Public transport when you’re pregnant is far from fun. Pregnant women are more likely to feel nauseous or faint when travelling by busy tube or bus, which is why sitting down is best for both them and their baby. This need should be recognised and respected.
That's why we love Transport for London's Baby on Board badges - we just wish more passengers paid attention to them!
Our midwife Anna explains why it’s important for pregnant women to be given a seat:
“I think some people have taken to be a little confronted by the baby on board badges. They think women are whining and making a fuss, but actually it takes a lot of energy to grow a baby and in that first trimester there’s so much going on. Actually in early pregnancy you feel probably the worst that you’ll feel throughout the pregnancy.
All the hormonal, metabolic and structural changes that are going on are completely out of proportion to the size of the baby, who at six weeks is the size of a lentil. At that stage women obviously don’t show that they’re pregnant, but they can feel awful.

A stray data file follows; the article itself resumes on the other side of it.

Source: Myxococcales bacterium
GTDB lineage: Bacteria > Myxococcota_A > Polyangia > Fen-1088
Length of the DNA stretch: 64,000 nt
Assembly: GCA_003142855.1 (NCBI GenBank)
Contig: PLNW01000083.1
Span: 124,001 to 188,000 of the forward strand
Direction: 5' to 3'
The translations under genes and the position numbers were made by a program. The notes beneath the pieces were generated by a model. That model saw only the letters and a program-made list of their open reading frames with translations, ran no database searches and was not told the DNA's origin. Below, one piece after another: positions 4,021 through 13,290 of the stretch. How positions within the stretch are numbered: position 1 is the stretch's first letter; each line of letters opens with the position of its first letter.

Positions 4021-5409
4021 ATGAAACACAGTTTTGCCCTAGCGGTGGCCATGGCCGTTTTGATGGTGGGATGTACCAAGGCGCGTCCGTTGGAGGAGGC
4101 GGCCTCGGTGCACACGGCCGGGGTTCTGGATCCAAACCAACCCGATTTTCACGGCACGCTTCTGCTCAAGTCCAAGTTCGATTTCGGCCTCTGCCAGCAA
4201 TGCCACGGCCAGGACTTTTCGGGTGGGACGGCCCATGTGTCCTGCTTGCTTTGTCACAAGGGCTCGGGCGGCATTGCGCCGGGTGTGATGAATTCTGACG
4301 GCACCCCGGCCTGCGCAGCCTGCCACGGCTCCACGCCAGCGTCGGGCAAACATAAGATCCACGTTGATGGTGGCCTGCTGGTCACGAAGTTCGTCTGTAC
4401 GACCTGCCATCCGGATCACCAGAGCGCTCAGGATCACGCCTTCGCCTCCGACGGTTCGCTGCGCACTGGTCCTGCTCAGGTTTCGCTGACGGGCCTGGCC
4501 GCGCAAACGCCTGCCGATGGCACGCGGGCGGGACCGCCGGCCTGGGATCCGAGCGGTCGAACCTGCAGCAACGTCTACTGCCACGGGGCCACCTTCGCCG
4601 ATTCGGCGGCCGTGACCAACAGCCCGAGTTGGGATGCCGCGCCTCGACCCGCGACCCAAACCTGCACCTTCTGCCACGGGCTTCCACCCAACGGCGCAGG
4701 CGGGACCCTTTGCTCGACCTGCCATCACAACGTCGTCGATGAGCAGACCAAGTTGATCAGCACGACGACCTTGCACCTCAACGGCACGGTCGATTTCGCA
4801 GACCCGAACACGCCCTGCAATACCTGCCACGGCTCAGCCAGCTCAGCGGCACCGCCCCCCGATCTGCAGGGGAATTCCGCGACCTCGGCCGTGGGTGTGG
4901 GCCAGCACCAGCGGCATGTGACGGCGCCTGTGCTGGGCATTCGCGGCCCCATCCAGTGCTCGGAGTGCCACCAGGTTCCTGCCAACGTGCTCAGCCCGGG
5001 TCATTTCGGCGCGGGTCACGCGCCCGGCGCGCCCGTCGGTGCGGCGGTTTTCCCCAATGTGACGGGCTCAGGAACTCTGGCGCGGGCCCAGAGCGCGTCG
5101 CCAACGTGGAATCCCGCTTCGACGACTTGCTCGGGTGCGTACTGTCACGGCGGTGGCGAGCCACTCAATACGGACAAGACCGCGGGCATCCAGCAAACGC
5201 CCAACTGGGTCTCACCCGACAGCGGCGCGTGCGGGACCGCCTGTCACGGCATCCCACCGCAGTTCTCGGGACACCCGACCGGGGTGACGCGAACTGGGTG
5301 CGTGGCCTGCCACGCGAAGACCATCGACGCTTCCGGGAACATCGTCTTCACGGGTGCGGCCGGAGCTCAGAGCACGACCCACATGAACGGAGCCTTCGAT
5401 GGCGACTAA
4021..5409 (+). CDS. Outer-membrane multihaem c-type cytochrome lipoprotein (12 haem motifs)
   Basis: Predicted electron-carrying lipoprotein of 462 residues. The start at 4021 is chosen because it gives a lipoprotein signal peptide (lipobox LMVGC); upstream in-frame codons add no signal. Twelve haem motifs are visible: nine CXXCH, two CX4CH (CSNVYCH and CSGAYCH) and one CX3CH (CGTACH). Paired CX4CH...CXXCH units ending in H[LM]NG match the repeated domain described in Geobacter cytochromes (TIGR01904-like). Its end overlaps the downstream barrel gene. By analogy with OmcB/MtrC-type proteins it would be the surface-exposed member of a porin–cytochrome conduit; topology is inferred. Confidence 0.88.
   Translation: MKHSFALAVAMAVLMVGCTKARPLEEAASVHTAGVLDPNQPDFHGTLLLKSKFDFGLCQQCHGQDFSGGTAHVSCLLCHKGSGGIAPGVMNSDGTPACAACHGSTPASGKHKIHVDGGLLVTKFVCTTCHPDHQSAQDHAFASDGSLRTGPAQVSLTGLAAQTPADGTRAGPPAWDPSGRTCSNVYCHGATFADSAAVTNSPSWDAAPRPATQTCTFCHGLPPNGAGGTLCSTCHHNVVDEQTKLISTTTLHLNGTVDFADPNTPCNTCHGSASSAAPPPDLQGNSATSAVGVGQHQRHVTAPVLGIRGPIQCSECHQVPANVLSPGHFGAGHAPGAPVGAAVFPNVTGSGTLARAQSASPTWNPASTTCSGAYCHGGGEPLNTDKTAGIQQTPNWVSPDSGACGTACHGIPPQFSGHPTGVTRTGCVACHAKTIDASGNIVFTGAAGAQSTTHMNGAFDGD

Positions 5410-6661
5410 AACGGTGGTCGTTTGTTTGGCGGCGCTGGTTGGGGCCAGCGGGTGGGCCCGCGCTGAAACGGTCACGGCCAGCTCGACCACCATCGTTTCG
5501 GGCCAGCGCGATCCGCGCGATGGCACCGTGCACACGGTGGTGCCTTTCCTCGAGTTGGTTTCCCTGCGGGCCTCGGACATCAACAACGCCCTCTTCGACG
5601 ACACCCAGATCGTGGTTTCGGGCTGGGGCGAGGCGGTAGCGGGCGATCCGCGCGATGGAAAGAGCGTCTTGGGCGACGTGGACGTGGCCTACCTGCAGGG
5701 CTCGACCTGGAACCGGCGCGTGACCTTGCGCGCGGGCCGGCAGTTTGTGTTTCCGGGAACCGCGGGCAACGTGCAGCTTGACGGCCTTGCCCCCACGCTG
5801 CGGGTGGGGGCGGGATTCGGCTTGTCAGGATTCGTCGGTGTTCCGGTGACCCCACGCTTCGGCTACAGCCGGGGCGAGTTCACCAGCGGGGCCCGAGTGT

They could be feeling very nauseous, suffering from bleeding, dizziness and/or insomnia and they may be more sensitive to smells on the tube which can make you feel more unwell.
So if you’ve got this combination of things and you’ve got a long commute standing squashed under somebody’s armpit, it is likely to compound any symptoms you have. Fainting doesn’t damage the baby, but it could end up with the poor woman hitting herself on the way down, so there’s hundreds of reasons to give a woman a seat in the first trimester.”
Top tips for pregnant women travelling on public transport
- only carry the essentials, but make sure this includes a bottle of water!
- wear layers that are easy to remove when it gets hot
- don't be shy about asking for a seat
- wear your Baby on Board badge.
If you live in London or the South East, you can order your Baby on Board badge here.